Global fragmentation of mangrove forests

By Dr Chris Brown

Read Time: 354 words about 2 minutes.

To inform conservation actions we need global indicators of wetland ecosystems that represent changes in ecosystem function. But current indicators are largely based on changes in the area of wetland ecosystems.

In our new study we mapped fragmentation of mangrove habitats at a global scale. The fragmentation of habitats into patches may be a better indicator for some ecological functions than area.

We found that many areas with high rates of mangrove loss, like south-east Asia, also have high rates of fragmentation. But there were also places where rates of loss were relatively low, but fragmentation was high, such as the Caribbean.

“…extensive fragmentation could compromise the connectivity of mangrove habitats and be bad for fisheries.

These hotspots of mangrove fragmentation may indicate areas previously unrecognized as at risk of mangrove ecosystem decline.

In our study we also looked at how different causes of mangrove loss in south-east Asia have led to different rates of fragmentation. We collaborated with researchers from the National University of Singapore who had previously mapped causes of mangrove loss in south-east Asia. Using their data-set we could relate the causes to the rates of fragmentation.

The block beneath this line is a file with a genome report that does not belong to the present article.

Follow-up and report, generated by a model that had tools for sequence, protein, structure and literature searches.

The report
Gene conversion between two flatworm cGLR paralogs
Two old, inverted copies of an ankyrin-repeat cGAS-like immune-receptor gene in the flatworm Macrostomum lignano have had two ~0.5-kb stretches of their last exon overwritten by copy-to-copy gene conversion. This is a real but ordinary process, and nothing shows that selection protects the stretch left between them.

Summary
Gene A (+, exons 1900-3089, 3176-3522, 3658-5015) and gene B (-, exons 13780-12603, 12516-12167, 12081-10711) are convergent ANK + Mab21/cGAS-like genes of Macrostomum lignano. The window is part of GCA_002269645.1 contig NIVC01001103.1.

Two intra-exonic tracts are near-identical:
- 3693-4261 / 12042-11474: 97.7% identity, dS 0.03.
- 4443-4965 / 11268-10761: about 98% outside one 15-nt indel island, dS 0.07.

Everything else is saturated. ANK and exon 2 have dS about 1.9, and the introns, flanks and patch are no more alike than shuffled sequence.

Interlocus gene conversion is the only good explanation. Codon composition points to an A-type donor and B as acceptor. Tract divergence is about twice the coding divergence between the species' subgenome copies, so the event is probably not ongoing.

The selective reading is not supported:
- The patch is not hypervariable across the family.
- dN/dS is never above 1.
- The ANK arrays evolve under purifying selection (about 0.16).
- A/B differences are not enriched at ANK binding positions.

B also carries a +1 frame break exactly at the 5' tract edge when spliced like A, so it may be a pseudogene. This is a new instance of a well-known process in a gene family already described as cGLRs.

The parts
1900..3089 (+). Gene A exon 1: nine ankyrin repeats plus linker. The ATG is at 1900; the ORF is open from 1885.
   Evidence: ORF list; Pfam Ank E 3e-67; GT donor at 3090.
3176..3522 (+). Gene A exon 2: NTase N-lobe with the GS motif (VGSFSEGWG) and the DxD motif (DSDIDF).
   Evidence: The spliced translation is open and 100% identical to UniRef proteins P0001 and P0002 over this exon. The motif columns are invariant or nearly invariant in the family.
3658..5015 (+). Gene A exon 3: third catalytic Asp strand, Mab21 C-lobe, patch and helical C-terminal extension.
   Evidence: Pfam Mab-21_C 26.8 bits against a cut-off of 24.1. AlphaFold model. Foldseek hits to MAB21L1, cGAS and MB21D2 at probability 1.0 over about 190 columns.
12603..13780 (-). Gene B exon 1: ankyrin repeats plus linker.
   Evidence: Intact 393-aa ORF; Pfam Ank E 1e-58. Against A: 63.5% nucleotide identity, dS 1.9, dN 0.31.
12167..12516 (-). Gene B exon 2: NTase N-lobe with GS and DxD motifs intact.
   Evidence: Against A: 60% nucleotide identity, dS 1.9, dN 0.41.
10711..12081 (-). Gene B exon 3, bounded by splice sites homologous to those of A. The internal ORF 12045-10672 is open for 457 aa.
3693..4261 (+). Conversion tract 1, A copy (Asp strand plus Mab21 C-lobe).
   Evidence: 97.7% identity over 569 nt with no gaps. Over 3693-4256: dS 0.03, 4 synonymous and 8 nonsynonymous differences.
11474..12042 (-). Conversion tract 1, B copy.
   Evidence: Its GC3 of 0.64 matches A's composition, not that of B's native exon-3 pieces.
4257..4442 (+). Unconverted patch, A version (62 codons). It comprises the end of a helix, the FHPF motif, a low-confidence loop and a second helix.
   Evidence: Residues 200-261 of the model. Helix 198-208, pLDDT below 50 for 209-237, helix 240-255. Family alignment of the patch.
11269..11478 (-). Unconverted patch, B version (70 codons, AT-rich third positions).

Mangroves forests. Photo: Unknown.

We found that activities like aquaculture and rice farming were associated with the highest rates of fragmentation. These activities often remove mangroves in patches, leaving a mosaic of human industry and intact mangrove.

Other activities like urban development and oil palm plantations were associated with low rates of fragmentation. These activities may remove large swathes of mangrove forest, leaving relatively few intact patches.

Further on ground studies are needed to understand how different patterns of fragmentation affect ecosystem function and ecosystem services. The effects of fragmentation can be complex.

For instance, fish typically use the deep edge of mangrove forests. Mangrove habitat may therefore become more available to fish if fragmentation creates more exposed edges on the seaward side of mangrove forests. However, extensive fragmentation could compromise the connectivity of mangrove habitats and be bad for fisheries.

The maps of global fragmentation are a new way to look at changes in mangrove forests. The new maps could enhance the capacity of managers to identify at risk areas and act to conserve mangrove forests and the functions they support.


This article was originally published on the official GLOW blog, for more exciting stories from the Global Wetlands Project follow the link.

You can follow Dr Chris Brown on Twitter at @bluecology.

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